caballing and forming resolutions against the measures of the Government."*
As was to be expected, Governor Martin suspended Mr. Johnston from office, which drew from him the following dignified letter, now on file in the Rolls Office in London:
"EDENTON, November 16th, 1775.
"SIR: I have this day had the honor of receiving your excellency's letter, signifying that you had been pleased to suspend me from acting as deputy to Mr. Turner, in the Naval office, with the reasons for such removal, and it gives me pleasure that I do not find neglect of the duties of my office in the catalogue of my crimes; at the same time I hold myself obliged to you for the polite manner in which you are pleased to express yourself of my private character. You will pardon me for saying that I had reason to complain of the invidious point of view in which you place my public transactions, when you state that 'the late meeting of the inhabitants of this province at Hillsboro, was a body of my own creation.'
"Your excellency cannot be ignorant that I was a mere instrument on this occasion, under the direction of the people; a people among whom I have long resided, who have on all occasions placed the greatest confidence in me, and to whom I am bound by gratitude (that powerful and inviolate tie in every honest mind,) to render any service they can demand of me, in defense of what they esteem their rights, at the risk of my life and property.
"You will further, sir, be pleased to understand, that I never considered myself in that honorable light in which you place me--'one of the King's servants,' being entirely unknown to those who have the disposal of the King's favors. I never enjoyed, nor had I right to expect, any office under His Majesty. The office I held, and for some years exercised under the deputation of Mr. Turner, was an honest purchase for which I paid punctually an annual sum, and which I shall continue to pay until the expiration of the term for which I would have held it, agreeably to our contract.
"Permit me, sir, to add that had all the King's servants in this province been as well informed as to the disposition of the inhabitants, as they might have been, or taken the same pains to promote peace, good order, and obedience to the laws, that I flatter myself I have done, the source of your excellency's unceasing lamentations had never existed; or had it existed, it would have been in so small a degree that e'er this it would have been nearly exhausted.
"But, sir, a recapitulation of past errors, which it is now too late to correct, would be painful to me, and might appear impertinent to you; I shall therefore decline the ungracious task, and by and with all due respect, subscribe myself,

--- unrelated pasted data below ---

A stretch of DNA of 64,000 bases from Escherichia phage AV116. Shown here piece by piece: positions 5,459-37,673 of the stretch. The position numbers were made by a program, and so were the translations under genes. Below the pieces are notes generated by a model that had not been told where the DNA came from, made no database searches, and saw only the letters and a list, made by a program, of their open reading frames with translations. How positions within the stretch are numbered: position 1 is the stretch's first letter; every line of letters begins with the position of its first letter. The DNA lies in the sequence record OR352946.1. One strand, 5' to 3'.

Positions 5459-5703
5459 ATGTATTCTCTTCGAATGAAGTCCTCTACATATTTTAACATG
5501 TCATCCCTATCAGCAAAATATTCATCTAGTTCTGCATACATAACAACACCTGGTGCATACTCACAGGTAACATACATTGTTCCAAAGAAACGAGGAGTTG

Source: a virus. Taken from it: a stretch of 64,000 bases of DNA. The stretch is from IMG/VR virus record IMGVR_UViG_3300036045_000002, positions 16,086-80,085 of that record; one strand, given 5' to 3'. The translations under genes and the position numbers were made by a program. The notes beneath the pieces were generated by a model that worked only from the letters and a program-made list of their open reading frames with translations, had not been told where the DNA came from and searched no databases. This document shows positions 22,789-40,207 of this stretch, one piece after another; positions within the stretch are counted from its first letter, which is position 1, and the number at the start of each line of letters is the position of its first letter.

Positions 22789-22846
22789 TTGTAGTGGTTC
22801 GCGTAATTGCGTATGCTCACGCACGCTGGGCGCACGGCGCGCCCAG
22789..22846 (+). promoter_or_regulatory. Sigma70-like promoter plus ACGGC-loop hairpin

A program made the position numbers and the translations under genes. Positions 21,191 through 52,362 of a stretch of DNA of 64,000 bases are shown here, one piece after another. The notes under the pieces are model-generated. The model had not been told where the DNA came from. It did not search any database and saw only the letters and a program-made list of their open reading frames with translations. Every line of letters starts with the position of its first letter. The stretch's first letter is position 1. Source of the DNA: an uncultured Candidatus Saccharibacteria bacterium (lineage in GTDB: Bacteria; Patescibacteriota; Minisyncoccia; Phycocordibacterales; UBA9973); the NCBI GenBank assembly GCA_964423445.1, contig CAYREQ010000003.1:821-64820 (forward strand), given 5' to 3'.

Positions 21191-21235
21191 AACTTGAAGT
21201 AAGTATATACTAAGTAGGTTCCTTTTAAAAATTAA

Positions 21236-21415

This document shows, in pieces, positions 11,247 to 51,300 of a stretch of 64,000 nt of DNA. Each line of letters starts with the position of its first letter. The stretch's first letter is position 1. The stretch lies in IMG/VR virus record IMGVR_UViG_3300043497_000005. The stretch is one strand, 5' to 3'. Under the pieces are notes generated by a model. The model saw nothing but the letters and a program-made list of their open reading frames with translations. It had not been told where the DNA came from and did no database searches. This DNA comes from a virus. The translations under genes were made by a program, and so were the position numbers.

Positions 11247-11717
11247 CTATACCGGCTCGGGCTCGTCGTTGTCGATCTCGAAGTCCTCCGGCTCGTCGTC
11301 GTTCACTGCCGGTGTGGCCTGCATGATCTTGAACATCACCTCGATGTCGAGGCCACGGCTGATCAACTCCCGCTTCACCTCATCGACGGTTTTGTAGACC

"Your excellency's most
"obedient, humble servant,
He was a member from Chowan in 1775, to the provincial congress of the state, and succeeded, on the death of John Harvey, as moderator or president.
He was present at Halifax at the formation of the constitution in November, 1776, and although not a member, afforded all the aid of his experience and ability to develope the conservative features of that instrument. To many of the principles adopted, he was opposed, fearing the departure from the forms long established and practiced was too great to be useful.
In 1780 to 1782, he was a member of the Continental Congress.*
* While a member of the
Continental Congress he was elected to the high honor of president of that body;
but he was compelled to forego this distinction because of the condition of his
finances. This compelled his return to North Carolina, and he had thus to forego
what was then the highest civil function in America--Journal of Continental
In 1787, he was elected governor of the state. He was an ardent and enthusiastic admirer of the constitution of the United States, and presided at the convention. held July 21st, 1788, to consider that instrument, but it was rejected by that body. In 1779, he and Benjamin Hawkins were elected the first senators from North Carolina in the Congress of the United States: here they served till 1793.
* While a member of the Continental Congress he was elected to the high honor of president of that body; but he was compelled to forego this distinction because of the condition of his finances. This compelled his return to North Carolina, and he had thus to forego what was then the highest civil function in America--Journal of Continental Congress.
In February, 1800, he was appointed one of the judges of the superior courts of law and equity, which he resigned in November, 1803 He died in 1816.
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